Wild Movie Review

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STORY: Based on the 2012 book Wild: From Lost to Found on the Pacific Crest Trail, Cheryl Strayed (Witherspoon) heads out on a gruelling 1,100-mile hike from the border of Mexico right up to the Canadian border to get to grips with life-altering incidents such as her divorce and the tragic loss of her mother (Dern). With each determined step, Cheryl inches closer towards self-realization.

REVIEW: Wild benefits from a simple, strong and straight-ahead storyline; its multi-linear narrative offers us various perspectives, such as glimpses into various stages of Cheryl's life prior to the present day, via flashbacks. These windows into her past about what could have and what should have been, still torment her. The memories are amplified due to her solitude, even as she staggers and slogs along the harsh, sun-baked, rocky road of reality.

Even her impossibly bulky, bulging backpack, under whose weight she frequently buckles and stumbles, is a metaphor for the cross she willingly bears. Not surprisingly, and perhaps mercifully, her load gets lightened along the way, up to a point where, after facing the truth rather than running away from it, her conscience transcends guilt, fear and regrets of the past.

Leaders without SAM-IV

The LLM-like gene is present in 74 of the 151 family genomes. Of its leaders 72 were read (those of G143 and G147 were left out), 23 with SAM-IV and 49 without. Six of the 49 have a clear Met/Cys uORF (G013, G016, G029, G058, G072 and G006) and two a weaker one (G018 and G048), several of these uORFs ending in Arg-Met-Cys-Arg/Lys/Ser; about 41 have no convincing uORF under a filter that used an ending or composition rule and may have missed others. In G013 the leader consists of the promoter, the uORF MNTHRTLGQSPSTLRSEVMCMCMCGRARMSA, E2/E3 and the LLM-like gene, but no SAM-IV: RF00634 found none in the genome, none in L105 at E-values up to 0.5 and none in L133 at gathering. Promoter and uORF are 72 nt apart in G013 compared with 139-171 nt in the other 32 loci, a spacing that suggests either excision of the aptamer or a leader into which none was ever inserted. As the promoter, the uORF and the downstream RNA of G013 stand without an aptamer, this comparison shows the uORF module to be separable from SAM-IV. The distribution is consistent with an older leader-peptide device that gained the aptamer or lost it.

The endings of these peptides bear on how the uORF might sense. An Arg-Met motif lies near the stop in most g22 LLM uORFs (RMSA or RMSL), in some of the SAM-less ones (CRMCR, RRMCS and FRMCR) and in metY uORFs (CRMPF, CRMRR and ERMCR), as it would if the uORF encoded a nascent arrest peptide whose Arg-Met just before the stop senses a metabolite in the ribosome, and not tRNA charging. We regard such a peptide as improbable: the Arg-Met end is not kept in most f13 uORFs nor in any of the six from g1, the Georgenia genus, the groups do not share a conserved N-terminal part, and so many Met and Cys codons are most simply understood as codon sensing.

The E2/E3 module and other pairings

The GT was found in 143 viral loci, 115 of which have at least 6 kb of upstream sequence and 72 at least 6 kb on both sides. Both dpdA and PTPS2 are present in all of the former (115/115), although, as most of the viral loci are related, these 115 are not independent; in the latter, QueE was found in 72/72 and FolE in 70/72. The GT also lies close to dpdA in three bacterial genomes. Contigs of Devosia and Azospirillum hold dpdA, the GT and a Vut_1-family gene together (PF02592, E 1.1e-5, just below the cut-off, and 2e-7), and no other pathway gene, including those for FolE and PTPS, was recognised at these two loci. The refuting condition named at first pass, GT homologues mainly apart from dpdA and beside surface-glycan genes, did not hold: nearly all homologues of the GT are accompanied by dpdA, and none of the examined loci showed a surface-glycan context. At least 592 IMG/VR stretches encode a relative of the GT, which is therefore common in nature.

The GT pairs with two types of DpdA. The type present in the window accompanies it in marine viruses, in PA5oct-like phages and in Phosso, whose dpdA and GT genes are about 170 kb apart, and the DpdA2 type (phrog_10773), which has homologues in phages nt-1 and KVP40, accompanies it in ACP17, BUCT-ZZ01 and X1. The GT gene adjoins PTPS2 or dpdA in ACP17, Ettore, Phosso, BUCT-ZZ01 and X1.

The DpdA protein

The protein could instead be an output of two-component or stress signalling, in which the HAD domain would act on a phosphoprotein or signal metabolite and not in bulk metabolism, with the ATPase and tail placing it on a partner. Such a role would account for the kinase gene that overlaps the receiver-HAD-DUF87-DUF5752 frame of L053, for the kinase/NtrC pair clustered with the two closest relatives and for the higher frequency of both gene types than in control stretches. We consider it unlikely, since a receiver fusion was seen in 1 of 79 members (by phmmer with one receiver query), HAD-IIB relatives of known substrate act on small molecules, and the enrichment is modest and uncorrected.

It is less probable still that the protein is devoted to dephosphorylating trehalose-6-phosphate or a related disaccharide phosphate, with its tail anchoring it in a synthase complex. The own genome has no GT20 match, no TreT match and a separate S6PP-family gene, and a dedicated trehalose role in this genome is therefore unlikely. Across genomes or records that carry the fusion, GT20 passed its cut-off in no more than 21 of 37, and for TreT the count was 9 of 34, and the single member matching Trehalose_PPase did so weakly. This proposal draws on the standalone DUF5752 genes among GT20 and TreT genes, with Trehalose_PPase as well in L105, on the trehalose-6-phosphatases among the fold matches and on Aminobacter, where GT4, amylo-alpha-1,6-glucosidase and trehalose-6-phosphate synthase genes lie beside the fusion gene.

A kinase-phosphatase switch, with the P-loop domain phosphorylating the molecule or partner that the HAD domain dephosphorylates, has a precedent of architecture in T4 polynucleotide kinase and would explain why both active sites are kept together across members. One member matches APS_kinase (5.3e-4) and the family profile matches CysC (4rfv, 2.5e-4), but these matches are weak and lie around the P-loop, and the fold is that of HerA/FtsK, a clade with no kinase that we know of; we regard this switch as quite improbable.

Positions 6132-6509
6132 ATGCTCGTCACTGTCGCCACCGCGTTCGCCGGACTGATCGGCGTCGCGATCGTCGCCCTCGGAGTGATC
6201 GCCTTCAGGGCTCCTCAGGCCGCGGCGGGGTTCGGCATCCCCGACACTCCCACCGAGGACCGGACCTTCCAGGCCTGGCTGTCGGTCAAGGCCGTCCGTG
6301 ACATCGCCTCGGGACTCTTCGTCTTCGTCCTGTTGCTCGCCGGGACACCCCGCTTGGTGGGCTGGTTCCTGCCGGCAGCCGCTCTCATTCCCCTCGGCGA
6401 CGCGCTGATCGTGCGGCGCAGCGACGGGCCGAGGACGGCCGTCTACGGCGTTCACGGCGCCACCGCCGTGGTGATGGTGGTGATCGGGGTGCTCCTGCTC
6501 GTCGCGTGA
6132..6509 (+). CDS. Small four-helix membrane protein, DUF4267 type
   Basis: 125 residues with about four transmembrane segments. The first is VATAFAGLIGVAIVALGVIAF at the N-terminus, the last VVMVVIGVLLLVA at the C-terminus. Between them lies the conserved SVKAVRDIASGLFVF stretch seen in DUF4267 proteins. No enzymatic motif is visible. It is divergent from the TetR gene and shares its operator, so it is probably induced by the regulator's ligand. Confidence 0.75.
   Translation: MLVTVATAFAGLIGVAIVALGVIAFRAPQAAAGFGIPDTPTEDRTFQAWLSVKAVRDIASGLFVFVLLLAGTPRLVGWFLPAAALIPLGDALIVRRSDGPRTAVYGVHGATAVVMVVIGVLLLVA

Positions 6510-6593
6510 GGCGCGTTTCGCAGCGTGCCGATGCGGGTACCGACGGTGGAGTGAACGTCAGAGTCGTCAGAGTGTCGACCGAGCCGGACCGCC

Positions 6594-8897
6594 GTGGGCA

The opening scene shows her taking a breather on a craggy hilltop. Her feet are lacerated and swollen and her face, a picture of exhaustion-bordering-on-despair. But the flame of determination still burns bright with the will to soldier on. Cheryl's ex-husband (Sadoski), whom she's still friends with, encourages her along the way with thoughtfully-written letters and care packages sent to rest-stops in advance. Along the way, Cheryl meets various people ranging from helpful, like the farmer family who notice that she's starving and give her a hot spare ribs and mashed potato dinner, to creepy (two horny, drunken hunters) to amiable (fellow hikers to share laughs and swap stories with).

While the ending seems a bit hurried and underwhelming, it is Witherspoon who shines throughout. She is extremely convincing in this stripped-down role, whose character she appears to have completely and convincingly absorbed.

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